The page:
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ATC trainee after the age of 30?

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ATC trainee after the age of 30?

Old 12th Apr 2012, 10:37
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ATC trainee after the age of 30?

Hi all,

I "wasted" my time in the last years doing a technical PhD program, however,
all the traveling around the world gave me a passion to work in the aviation industry. In particular, ATC looks like something I could see myself really enjoy doing. However, looking at most of the training programs it seems that I am too old to apply for most of them. (I just turned 31, born 1981). I am an EU citizen, and in Switzerland you have to be between 18-30, in Germany not older than 24, at Eurocontrol the age limit is 25 I think. I am not sure about the UK though, whether it is 30 or 35.

Anyway, what I am trying to figure out is whether there is any training program within the EU that I could apply for at my age. I am quite flexible, do not have family, so if there is a chance to become an ATC I would like to go for it!

Many thanks for you help!
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Old 12th Apr 2012, 10:59
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Sounds good, so I will wait until beginning of May and hopefully the accept then new applicants. If someone knows about other EU countries where I could apply for, that would be highly appreciated
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Old 12th Apr 2012, 14:09
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Hi,

I was recently in a similar situation to you - I applied for NATS in the UK at the ripe old age of 30, and by the time I had completed the application process ( I took my time as I reckoned it was my last chance) I was almost 32 by the time I started at the college. Passed the Aerodrome course 8 days after my 32nd birthday and validated before I was 33.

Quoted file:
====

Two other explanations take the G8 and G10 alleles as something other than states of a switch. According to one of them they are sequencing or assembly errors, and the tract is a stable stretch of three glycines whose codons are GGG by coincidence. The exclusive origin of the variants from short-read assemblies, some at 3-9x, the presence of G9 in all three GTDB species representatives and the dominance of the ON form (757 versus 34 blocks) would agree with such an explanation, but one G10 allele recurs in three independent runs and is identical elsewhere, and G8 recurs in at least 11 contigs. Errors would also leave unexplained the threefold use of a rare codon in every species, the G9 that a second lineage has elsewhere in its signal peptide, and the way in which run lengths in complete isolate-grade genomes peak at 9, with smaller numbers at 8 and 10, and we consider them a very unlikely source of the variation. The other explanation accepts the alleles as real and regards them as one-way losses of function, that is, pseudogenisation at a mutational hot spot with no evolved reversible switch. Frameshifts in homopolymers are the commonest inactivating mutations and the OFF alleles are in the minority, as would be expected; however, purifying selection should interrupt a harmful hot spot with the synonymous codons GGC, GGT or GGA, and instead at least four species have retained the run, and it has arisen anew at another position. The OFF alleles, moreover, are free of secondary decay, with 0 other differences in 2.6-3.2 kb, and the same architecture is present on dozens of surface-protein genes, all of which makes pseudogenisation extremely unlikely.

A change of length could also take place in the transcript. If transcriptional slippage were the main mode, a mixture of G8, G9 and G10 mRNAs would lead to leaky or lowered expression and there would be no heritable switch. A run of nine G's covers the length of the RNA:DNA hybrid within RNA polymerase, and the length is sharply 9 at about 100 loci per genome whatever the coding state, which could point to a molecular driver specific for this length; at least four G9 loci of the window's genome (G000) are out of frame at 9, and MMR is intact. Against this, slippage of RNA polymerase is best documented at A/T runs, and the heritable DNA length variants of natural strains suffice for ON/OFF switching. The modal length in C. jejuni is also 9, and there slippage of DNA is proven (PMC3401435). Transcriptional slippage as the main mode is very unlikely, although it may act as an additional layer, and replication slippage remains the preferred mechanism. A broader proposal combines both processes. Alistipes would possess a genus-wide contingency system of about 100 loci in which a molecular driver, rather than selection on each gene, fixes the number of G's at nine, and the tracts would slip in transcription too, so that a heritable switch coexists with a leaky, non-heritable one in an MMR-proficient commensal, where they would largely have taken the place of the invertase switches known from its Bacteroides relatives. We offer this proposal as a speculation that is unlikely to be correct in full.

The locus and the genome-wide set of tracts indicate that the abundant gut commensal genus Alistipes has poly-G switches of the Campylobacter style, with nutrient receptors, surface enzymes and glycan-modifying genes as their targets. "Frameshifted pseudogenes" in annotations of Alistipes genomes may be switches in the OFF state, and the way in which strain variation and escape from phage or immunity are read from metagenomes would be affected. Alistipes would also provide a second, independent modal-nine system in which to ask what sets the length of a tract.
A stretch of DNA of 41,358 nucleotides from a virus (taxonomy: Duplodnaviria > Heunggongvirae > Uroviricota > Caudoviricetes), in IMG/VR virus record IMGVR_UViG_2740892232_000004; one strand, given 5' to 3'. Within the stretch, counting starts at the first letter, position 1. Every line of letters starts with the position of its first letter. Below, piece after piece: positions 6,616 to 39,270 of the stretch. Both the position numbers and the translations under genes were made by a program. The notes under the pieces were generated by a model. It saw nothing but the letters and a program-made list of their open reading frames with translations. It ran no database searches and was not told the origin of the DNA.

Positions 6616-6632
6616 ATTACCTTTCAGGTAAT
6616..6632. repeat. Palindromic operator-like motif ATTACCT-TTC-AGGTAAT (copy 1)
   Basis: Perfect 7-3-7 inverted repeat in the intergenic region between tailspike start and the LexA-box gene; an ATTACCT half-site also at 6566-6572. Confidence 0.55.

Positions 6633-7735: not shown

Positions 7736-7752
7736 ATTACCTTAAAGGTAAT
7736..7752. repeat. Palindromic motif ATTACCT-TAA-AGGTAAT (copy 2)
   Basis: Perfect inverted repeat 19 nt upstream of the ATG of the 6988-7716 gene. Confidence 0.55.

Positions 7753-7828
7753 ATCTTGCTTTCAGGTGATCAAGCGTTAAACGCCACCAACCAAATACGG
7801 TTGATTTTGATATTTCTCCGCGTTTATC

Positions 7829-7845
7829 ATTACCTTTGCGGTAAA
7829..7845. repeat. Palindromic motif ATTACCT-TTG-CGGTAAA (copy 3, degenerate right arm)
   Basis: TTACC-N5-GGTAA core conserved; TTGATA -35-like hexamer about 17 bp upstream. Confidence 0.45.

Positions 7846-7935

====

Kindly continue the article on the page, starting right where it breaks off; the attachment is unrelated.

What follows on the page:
What the above rambling is trying to say is that, if you have the will and tenacity to take on all the inconvieninces that starting training brings with it: relocation, tiny salary (by most 30 year-old's standards) and a whole heap of hard work then age is no barrier and at the end of it you get one of the best jobs in the world.

I know that NATS had their age limits challenged under equal opportunities legislation. How Eurocontrol and other ANSPs continue to get away with it is beyond me.

If you want any further info specific to being an old codger (because you will feel a bit like that during training) then drop me a PM.

WL
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Old 12th Apr 2012, 14:32
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Just out of interest, what is the 'tiny' pay for training.

I am soon to turn 34 and have been thinking of applying but I have a family and a mortgage and am not keen to move away. But I am familiar with operating on an Airfield and I have this notion I could manage in Air Traffic Control. Might consider giving it a go if it suits.
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Old 12th Apr 2012, 14:59
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I think you are payed around 1000 per month during training, if I remember correctly!
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Old 12th Apr 2012, 15:35
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Current pay for TATC's is 10,700 plus you get 60 per week living allowance. Net take home pay for a standard UK tax payer is just over 1000.

Once you get a license and go to a unit this rises to between 16,000 and 19,000 depending on the band of the unit (1-5).

All of the above applies to NATS only
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Old 12th Apr 2012, 18:53
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Better news! If you get to a "band 5" Centre the salary eventually climbs to around 100k p.a. Plenty of time off too.......during the quiet months between October and March lots of sectors are joined together.....you only do a few hours per week. Once you get used to the job it is actually quite easy, however the initial struggle to get to a life on Easy Street is like climbing a vertical cliff in a snow storm.....and many fail.